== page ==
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Rough year ahead for our sport?

Discussion in 'Uncategorized Threads' started by rcmax29, Jan 19, 2008.

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  1. rcmax29

    rcmax29 TS Member

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    There's been lots of posts already about cost of shooting, but I think we are really at a crossroads heading into 08, and if something doesn't break, it won't be good. Most reading this post will keep on shooting, some will cut back a bit, and a few might come back with the ol' if you can't afford to shoot, go find something else." But for those who care about the growth of the sport, we may have some tough times ahead:

    With shell prices edging closer to $10 / box and lead by the bag seemingly worse, two things could combine to make for a tough year:

    First, at best, most shooters will cut back somehow. Personally, I rarely shoot practice any more [and my scores show it!]; others have cut back on registered shoots [weren't registered targets down about 2 mil. last year?]. As that cutback multiplies, the local club will really start to feel it. Volumes [and economies of scale] will go down at a time when they are facing their own price increases [targets, minimum wage, etc]. So every club will be badly sqeezed, and don't be shocked if a few go under. This one factor alone could really spread through the system.

    Second, growth among new shooters will all but die. With shells for the newbie who does not buy in bulk at $8-9+ and rounds at some clubs at nearly the same price, that's a whole new barrier for someone wanting to stick their toe in the water. Again, the local club gets the hit. At our club, we lose about 20% of our some-time shooters, but we always pick up a like amount, maybe even more, and grow the base. But if the new 20% does not replace the old 20% [this number will get larger by the way], then once again, the local club gets it coming and going.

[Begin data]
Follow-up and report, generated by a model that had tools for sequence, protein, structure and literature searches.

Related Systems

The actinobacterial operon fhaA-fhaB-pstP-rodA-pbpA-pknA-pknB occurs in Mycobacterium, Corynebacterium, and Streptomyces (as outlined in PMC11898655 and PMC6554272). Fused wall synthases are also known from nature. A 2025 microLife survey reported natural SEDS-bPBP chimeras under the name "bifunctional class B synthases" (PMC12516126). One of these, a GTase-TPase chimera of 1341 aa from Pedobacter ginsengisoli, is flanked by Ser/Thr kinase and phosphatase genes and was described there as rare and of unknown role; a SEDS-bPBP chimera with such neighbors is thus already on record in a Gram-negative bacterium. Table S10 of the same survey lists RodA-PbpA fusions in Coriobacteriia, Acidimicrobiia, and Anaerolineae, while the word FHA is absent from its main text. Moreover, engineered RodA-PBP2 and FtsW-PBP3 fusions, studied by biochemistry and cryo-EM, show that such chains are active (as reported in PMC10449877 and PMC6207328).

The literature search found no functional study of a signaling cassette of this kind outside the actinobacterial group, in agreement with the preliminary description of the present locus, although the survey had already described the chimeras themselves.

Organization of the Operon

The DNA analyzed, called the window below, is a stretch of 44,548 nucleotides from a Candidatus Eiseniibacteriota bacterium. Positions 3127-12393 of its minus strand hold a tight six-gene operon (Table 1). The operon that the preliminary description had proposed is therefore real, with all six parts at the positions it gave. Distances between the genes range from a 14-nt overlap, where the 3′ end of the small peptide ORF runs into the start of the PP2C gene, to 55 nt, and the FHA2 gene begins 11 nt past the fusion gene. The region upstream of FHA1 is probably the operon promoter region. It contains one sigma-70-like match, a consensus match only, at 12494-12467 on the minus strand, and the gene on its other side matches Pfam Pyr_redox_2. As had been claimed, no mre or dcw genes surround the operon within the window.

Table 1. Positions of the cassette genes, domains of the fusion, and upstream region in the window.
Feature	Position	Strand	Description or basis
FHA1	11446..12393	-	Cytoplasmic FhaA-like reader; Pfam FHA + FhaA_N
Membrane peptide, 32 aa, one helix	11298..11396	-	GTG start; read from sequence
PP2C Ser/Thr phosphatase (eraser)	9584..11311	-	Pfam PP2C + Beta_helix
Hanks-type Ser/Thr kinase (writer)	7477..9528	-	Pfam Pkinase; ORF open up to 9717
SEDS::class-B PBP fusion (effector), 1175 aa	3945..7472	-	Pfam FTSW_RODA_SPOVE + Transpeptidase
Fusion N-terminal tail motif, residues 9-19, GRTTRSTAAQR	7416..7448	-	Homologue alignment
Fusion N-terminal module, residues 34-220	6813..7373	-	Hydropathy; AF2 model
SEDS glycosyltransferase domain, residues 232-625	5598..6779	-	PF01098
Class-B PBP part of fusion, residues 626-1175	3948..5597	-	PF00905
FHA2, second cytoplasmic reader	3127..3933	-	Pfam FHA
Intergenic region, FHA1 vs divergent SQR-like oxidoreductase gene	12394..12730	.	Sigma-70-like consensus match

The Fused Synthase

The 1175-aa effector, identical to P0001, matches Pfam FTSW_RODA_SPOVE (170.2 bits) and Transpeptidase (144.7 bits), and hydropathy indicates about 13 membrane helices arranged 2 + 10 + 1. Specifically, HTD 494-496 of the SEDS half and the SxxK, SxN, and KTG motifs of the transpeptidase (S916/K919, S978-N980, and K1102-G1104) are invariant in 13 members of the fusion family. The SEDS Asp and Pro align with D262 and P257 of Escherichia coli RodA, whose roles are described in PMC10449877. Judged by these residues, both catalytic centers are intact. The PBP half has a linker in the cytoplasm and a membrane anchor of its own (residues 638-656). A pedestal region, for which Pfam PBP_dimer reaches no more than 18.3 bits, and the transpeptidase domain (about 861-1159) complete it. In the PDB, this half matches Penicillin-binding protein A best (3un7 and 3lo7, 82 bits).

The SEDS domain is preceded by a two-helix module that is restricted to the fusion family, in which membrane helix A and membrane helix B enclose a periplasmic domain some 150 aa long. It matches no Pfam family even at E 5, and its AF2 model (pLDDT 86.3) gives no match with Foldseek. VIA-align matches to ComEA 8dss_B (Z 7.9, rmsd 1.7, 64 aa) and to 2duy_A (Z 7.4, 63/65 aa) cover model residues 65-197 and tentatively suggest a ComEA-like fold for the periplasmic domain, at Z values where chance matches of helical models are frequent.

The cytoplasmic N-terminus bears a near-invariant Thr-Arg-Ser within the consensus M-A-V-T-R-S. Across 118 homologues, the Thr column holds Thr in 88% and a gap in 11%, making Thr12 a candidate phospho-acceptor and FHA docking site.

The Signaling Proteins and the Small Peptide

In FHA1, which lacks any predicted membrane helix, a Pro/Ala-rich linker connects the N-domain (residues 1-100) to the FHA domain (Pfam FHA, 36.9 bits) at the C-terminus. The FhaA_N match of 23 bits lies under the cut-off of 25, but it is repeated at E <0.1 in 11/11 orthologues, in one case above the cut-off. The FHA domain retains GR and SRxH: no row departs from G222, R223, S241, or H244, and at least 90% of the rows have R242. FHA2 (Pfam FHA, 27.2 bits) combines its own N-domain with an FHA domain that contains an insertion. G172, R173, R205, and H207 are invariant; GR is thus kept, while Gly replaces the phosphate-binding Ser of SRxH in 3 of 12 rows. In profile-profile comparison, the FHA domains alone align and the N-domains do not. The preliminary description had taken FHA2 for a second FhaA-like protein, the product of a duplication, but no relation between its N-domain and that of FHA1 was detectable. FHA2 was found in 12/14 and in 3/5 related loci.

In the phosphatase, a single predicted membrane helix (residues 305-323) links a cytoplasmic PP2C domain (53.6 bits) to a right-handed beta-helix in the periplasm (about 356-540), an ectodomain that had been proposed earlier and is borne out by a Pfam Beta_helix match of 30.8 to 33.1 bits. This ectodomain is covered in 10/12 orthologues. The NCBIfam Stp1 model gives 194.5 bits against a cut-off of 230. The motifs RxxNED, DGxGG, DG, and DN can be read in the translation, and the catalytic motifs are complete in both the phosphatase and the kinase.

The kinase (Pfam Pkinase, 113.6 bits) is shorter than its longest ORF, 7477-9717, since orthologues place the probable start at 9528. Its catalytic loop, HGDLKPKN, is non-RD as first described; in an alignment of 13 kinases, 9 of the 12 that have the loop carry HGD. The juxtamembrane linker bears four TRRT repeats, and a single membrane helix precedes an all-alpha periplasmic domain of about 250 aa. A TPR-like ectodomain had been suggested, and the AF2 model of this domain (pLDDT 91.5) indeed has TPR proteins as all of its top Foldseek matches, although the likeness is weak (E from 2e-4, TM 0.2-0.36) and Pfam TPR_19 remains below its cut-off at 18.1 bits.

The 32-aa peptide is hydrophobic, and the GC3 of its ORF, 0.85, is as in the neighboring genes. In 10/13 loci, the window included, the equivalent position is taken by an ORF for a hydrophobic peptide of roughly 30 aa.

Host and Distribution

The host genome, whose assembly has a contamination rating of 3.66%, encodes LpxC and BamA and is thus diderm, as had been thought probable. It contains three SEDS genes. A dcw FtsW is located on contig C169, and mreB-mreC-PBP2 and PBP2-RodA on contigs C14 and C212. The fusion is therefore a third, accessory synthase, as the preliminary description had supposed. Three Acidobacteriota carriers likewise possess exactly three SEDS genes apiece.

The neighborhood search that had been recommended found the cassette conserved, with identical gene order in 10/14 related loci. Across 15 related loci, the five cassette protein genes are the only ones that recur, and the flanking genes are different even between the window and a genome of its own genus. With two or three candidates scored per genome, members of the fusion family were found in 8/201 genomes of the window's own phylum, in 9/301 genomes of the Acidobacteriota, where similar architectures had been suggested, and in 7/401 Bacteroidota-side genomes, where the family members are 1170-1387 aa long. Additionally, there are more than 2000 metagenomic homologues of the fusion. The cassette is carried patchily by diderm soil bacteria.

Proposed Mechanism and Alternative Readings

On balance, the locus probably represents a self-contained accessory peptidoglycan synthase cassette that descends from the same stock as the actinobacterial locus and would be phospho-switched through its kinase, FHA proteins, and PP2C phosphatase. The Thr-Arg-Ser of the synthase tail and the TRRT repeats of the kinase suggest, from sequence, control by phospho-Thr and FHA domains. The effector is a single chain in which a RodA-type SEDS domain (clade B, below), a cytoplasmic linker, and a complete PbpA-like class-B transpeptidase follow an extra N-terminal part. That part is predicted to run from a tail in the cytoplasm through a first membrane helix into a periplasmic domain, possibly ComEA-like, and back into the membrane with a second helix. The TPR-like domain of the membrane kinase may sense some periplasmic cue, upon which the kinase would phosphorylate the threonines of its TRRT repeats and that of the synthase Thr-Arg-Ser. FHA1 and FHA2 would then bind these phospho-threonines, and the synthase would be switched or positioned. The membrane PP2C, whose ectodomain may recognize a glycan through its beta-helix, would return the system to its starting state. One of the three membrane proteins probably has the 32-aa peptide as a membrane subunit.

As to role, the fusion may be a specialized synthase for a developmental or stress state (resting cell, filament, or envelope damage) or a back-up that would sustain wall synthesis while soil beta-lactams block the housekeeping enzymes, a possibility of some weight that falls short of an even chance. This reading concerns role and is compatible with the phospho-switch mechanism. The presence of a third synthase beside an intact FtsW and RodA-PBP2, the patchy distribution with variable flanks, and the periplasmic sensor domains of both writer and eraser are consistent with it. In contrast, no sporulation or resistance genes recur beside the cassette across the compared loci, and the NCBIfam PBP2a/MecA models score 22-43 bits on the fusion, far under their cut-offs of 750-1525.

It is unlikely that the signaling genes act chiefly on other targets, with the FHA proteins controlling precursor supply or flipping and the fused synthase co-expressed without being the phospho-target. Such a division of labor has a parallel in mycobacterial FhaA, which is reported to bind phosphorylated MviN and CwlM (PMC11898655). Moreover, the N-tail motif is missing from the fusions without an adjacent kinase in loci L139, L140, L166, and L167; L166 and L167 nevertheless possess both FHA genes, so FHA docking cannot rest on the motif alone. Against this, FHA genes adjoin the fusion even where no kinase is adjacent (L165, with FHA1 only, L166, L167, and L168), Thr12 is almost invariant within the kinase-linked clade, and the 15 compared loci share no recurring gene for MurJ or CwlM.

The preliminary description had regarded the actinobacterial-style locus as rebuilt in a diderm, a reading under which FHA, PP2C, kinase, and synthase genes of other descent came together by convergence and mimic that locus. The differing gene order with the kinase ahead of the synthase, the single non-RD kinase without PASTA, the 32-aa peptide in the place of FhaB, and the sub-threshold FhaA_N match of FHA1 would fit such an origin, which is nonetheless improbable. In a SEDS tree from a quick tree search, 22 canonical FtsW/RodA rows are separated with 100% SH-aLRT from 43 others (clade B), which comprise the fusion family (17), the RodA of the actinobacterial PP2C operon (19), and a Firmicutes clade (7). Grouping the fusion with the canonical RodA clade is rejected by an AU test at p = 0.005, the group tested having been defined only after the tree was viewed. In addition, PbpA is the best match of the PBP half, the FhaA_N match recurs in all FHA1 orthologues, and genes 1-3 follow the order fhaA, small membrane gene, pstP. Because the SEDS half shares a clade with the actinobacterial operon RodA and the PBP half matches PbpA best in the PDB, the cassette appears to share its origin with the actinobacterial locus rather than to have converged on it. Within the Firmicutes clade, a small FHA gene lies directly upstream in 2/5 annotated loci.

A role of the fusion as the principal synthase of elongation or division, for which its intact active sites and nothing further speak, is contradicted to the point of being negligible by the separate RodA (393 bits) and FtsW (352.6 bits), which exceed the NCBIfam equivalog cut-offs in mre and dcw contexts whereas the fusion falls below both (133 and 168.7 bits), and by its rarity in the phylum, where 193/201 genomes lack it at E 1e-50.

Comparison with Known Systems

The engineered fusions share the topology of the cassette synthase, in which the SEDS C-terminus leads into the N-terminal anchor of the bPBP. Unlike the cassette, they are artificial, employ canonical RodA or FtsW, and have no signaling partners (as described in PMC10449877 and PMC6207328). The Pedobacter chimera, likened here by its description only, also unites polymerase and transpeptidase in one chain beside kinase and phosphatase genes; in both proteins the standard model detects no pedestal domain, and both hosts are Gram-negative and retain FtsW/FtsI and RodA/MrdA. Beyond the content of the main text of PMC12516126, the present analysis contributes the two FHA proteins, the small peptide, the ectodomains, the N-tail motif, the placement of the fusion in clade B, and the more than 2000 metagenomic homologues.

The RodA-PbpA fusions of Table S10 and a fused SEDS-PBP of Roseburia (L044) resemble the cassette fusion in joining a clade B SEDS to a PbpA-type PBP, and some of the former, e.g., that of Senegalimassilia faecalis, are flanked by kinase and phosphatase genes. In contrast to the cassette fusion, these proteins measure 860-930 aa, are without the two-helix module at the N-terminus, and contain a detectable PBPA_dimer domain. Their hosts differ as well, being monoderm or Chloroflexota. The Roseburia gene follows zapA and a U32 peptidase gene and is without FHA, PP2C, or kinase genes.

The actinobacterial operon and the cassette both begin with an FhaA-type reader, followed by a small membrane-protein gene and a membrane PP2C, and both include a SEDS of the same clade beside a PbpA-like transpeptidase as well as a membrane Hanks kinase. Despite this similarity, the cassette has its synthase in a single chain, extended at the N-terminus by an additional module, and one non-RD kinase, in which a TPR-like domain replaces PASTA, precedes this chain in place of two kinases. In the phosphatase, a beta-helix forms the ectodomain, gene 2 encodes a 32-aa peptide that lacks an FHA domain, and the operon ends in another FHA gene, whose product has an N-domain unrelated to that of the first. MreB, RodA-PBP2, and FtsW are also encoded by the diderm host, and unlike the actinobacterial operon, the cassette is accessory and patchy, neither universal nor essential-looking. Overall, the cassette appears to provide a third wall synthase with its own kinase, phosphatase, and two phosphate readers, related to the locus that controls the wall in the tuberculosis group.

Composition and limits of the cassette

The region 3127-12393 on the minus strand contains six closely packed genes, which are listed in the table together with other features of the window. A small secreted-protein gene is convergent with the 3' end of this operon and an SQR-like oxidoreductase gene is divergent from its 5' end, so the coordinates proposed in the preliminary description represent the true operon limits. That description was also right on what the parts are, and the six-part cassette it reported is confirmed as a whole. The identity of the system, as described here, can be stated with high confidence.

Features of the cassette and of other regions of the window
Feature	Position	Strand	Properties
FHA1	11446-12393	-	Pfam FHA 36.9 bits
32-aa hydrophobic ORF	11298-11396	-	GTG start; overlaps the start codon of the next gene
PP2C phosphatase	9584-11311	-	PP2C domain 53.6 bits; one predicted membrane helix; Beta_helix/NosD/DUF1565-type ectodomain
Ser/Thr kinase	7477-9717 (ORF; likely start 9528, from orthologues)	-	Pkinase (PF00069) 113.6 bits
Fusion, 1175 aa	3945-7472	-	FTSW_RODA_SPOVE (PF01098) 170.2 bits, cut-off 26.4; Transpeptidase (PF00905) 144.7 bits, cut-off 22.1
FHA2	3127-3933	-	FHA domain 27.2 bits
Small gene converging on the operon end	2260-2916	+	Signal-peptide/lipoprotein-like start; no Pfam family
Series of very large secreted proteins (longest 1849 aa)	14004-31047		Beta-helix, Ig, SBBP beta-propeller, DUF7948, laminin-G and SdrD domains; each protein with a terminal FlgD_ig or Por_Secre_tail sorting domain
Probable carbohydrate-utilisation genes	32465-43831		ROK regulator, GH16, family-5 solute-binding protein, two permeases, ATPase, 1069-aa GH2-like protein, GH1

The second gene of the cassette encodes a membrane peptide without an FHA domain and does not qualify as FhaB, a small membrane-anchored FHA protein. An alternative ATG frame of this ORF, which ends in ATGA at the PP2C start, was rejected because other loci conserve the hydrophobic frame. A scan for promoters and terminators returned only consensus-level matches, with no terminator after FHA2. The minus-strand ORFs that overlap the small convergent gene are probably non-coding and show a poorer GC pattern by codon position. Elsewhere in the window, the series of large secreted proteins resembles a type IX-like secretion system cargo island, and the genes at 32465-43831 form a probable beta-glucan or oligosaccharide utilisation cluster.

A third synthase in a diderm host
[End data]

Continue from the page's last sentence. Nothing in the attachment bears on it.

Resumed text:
Again, us hard cores will figure out a way to keep shooting, but our numbers will shrink, and places to shoot will also start to fall off.

    What to do? First, don't pay these exorbatant prices. This time of year, if you can hold off, hold off. Shop harder, reward the retailer with the best prices. If you're not shooting as much at your local club, figure out a way to support it another way. Make a contribution, sponsor something, etc. Do something that gets money to the club without paying $9.00 a box to do it.

    There is some chance that prices will break. The same vicous cycle that got us to this point could break if gas prices and lead prices break, which many think is already happening. Let's pray that it does.
     
  2. nipper

    nipper TS Member

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    For me i am cutting back other areas:

    1. Smoking--1,260.00 a year savings
    2. Home phone/fax line--720 a year saved-cell phone 100% employer payed
    3. Buring fire wood thru winter,instead of central air running 24/7 savings unknow as of this moment.
    4. Instead of stopping by quick stop for morning coffee making it at home--another 275.00 saved this year.

    2,255 real money not including lower energy bill to be determined later.

    Bill
     
  3. rcmax29

    rcmax29 TS Member

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    I never thought I'd be one of the naysayers, but the spike in cost of shells, for some reason has me really worried. Everything has its price point, and I really think we have either just passed it or are right there. We've survived higher fuel, target and food prices, but this shell / lead thing is really scary. I don't have the answer, other than to hope the law of supply and demand kicks in sooner than I think and we see a price break in time to save the shooting season. Wishful thinking, but what else is there?
     
  4. Chango2

    Chango2 Active Member